These are more accurate estimates of geographical differences in cognitive ageing and service use, which they will generate by using existing longitudinal databases and which will inform policy, commissioning and practice.

As part of the intervention work programme, they will develop the first digitalised life story tool for deaf people (BSL users) who live with dementia.

The latest raft of research projects are being launched at a time when there are 44 million people in the world living with dementia - and by 2050 this number is expected to reach 135 million.


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Readers' comments (5)

  • Dementia is being talked about lots lately and how much money is going in to research, thats great. But what about those who already have been diagnosed and are in care already, why are good homes looking after them closing down so often?

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  • The money spent in dementia research prior to this announcement had been hovering around the £12m mark, compared to cancer which stands at approx. £350m. So an extremely long way to go for research.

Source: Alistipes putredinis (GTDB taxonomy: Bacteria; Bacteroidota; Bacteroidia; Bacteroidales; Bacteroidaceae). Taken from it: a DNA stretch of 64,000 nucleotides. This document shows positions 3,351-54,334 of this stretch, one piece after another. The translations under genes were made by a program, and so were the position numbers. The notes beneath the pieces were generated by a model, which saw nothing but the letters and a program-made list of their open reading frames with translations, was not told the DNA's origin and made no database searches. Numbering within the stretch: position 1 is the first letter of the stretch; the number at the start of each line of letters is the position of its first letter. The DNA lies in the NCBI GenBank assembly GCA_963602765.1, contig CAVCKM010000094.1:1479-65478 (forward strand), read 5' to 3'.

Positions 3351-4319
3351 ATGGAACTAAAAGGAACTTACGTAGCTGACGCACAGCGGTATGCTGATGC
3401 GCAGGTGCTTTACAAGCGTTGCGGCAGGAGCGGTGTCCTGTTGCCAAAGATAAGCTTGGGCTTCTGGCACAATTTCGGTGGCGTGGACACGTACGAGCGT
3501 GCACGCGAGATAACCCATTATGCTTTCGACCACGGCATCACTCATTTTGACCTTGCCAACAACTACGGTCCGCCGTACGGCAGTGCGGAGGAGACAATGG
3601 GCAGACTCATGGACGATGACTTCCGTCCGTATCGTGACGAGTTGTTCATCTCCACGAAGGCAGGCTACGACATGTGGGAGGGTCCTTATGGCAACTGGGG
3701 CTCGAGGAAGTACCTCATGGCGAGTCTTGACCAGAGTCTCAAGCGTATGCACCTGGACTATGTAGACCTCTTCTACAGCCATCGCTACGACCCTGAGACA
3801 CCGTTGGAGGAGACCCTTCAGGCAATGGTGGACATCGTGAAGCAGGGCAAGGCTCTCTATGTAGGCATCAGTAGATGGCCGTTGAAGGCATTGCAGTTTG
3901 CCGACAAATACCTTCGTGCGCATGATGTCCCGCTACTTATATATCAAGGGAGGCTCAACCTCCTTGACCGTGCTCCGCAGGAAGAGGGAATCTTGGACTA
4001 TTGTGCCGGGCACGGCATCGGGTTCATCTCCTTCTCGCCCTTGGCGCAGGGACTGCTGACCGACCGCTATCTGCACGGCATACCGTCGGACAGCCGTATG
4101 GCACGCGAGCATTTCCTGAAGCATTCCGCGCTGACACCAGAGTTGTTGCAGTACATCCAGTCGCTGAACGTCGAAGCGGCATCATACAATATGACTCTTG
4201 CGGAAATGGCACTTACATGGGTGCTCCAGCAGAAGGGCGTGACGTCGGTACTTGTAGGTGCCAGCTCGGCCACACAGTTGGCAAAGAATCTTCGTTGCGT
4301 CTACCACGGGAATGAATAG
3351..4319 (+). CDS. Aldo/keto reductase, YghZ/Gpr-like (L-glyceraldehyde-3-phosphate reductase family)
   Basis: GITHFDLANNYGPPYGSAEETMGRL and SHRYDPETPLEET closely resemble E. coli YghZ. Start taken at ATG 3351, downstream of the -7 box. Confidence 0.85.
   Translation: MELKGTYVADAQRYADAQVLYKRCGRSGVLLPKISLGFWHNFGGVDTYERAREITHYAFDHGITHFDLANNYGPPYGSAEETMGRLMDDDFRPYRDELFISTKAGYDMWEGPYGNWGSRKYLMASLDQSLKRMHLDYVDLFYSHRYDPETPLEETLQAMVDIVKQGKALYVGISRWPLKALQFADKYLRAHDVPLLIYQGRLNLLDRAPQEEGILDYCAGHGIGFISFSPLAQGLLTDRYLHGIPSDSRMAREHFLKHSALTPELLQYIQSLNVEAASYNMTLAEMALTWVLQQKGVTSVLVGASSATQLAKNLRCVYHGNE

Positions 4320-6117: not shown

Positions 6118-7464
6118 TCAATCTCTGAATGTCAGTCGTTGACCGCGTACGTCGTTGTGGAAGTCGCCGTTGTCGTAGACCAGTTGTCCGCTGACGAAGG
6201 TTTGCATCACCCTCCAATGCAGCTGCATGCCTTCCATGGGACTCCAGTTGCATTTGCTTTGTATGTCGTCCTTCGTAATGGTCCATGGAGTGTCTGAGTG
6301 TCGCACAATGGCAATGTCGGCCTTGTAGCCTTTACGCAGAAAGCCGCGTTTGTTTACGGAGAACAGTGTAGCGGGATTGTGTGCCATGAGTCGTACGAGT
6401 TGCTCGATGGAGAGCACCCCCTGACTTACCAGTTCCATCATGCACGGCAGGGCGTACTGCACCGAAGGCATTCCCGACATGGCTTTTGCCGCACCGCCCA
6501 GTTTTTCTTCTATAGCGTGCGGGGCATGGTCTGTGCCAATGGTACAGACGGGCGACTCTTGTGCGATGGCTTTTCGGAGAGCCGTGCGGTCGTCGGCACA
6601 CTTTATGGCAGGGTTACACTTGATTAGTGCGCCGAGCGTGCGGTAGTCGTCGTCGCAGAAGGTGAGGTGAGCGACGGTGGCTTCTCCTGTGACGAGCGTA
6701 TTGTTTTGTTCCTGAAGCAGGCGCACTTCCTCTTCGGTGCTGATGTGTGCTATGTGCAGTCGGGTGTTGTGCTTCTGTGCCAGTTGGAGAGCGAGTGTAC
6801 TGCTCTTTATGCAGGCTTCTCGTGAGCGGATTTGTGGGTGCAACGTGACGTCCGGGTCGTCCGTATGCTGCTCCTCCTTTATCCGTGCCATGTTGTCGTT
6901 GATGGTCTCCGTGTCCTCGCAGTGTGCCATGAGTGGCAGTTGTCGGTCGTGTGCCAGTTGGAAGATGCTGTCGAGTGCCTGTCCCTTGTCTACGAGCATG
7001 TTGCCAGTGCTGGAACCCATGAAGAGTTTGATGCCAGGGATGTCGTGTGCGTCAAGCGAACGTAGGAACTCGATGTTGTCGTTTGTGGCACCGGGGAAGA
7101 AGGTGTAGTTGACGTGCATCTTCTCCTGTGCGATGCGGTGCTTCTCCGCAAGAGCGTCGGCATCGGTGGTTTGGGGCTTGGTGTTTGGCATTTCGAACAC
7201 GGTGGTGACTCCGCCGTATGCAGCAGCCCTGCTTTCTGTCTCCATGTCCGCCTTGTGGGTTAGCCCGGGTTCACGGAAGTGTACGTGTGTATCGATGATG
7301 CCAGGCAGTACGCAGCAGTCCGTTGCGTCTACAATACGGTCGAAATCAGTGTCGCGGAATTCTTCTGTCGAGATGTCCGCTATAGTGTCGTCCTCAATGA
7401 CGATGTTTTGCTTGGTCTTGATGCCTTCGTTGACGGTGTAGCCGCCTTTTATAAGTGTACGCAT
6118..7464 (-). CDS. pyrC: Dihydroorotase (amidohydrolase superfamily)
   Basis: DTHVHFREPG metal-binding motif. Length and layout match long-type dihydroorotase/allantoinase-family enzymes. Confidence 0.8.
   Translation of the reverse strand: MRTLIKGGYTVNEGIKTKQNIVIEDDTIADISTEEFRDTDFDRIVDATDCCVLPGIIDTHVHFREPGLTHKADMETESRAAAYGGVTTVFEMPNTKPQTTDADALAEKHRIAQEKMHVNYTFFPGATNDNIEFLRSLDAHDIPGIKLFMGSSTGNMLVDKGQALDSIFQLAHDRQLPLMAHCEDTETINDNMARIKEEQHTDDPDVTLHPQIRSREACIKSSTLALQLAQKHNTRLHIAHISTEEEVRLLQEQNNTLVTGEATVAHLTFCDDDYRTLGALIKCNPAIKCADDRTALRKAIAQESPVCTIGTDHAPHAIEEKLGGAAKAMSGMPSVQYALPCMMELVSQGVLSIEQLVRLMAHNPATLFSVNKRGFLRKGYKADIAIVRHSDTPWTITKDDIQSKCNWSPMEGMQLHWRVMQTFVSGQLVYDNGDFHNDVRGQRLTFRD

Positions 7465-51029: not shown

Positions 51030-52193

Dementia care in this country is actually nothing short of f*****g appalling. With very little existing and now reducing services and support, families and carers (most without any knowledge or training) are left to look after sufferers of these terrible diseases at home, often for years, as they deteriorate, their behaviour becomes more challenging and their needs increasingly complex. Then when the exhausted, unsupported families are at the end of their tether, they are faced with placing their loved one into a home where the 'residents' are herded together in understaffed, noisy, chaotic environments looked after by low paid demotivated and defeated individuals.